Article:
# Separable Equation

## Homework Statement

Solve y'=y^2/x , y(1)=1 and give the largest x-interval on which the solution y(x) is defined.

## The Attempt at a Solution

$$dy/dx = y^{2}/x$$
$$\int dy/y^{2}= \int dx/x$$
$$y=1/(1-ln|x|)$$

Therefore, i find intervals $$(\infty, e), (0,e), (- \infty , -e)$$ where y(x) is defined.

so would the intervals to choose be $$(\infty, e) & (- \infty , -e)$$??

Thanks

Last edited:

Related Calculus and Beyond Homework Help News on Phys.org
tiny-tim
Homework Helper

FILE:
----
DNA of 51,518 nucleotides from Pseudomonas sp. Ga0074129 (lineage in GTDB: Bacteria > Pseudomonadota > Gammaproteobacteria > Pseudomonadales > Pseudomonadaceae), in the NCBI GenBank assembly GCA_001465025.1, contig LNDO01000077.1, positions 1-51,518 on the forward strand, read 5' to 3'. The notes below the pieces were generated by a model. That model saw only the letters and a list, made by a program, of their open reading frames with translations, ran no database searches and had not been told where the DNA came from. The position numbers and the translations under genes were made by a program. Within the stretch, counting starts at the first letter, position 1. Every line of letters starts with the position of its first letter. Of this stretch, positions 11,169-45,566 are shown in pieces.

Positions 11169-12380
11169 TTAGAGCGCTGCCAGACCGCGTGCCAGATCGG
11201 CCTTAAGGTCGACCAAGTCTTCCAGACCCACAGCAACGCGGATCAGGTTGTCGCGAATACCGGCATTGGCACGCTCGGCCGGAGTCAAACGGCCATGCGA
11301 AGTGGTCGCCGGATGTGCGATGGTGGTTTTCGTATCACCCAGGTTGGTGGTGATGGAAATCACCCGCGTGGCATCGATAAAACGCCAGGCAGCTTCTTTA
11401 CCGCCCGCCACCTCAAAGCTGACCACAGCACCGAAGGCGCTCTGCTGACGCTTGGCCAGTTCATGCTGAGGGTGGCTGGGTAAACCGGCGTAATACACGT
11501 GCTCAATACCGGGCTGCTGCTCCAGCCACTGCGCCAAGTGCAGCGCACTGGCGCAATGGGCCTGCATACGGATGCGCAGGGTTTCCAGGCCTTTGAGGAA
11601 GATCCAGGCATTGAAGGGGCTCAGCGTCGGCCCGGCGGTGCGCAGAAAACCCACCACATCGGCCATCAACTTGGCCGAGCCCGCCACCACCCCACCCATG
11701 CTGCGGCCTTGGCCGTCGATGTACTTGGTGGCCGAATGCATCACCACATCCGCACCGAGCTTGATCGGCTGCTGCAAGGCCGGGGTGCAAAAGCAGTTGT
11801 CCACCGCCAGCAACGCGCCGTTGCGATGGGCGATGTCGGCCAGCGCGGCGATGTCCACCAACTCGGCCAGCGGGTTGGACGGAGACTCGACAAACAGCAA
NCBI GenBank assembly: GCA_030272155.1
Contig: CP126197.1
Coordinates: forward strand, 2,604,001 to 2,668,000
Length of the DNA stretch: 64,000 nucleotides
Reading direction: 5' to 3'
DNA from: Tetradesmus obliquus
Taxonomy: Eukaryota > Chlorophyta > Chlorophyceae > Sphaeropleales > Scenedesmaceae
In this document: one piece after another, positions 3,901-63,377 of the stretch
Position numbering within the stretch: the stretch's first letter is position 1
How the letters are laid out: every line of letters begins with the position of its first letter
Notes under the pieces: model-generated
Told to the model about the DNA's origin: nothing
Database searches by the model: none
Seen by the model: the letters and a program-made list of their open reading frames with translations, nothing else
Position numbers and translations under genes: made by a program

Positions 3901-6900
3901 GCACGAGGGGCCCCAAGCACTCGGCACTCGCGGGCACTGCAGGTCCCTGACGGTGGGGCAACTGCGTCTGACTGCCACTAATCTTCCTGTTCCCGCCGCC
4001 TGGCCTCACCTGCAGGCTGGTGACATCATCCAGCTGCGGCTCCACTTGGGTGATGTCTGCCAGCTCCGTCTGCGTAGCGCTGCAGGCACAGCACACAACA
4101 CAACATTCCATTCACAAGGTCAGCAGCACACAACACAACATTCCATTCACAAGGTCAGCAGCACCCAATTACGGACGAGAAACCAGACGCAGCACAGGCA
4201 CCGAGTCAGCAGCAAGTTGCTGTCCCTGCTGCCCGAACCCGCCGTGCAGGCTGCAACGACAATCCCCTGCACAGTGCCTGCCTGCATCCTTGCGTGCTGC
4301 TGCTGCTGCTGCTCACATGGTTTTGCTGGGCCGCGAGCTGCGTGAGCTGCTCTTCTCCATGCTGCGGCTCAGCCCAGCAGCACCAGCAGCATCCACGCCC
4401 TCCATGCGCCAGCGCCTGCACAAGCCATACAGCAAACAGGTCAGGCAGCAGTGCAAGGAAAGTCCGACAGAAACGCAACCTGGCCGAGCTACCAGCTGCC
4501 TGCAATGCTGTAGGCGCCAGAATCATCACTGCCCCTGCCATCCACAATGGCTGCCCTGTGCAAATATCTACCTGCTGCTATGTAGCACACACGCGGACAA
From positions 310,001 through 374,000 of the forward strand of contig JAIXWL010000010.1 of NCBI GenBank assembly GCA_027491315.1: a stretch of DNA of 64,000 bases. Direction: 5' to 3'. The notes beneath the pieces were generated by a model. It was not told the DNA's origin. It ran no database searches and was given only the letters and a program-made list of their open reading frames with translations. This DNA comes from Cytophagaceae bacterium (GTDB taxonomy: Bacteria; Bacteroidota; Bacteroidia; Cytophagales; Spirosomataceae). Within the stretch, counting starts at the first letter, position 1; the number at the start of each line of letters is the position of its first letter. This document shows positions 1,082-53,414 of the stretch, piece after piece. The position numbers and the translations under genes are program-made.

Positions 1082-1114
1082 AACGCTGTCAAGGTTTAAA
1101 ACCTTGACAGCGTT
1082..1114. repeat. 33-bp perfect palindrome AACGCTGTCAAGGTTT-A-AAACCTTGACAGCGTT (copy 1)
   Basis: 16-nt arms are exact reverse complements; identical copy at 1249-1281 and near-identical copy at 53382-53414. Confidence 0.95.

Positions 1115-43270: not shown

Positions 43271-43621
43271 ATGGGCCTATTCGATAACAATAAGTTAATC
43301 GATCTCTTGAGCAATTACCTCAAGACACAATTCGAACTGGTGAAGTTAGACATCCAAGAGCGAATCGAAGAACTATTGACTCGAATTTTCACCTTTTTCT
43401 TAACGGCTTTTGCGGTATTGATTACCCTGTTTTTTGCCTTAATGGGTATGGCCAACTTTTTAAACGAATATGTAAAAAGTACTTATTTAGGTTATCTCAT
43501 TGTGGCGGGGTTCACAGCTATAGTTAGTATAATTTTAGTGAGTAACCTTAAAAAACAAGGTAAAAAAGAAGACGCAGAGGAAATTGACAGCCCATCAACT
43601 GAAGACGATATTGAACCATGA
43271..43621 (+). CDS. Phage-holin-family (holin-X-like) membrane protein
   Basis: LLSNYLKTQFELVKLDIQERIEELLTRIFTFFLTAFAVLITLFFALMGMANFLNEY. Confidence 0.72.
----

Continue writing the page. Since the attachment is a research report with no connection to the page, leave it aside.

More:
$$dy/dx = y^{2}/x$$
$$\int dy/y= \int dx/x$$
Hi 2RIP! erm … what happend to the y2? Oh sorry, i was still learning how to use the latex coding and left it out. But the rest of my solution should be correct.

Thanks for pointing that out.

tiny-tim
Homework Helper

## Homework Statement

Solve y'=y^2/x , y(1)=1 and give the largest x-interval on which the solution y(x) is defined.

$$y=1/(1-ln|x|)$$
Therefore, i find intervals $$(\infty, e), (0,e), (- \infty , -e)$$ where y(x) is defined.

so would the intervals to choose be $$(\infty, e) & (- \infty , -e)$$?
Hi 2RIP! y is defined at x = 0 , isn't it?

I'm a little confused by the question … the two largest intervals are both infinite …

I suspect they mean the largest interval containing x = 1.

I'm not sure, though …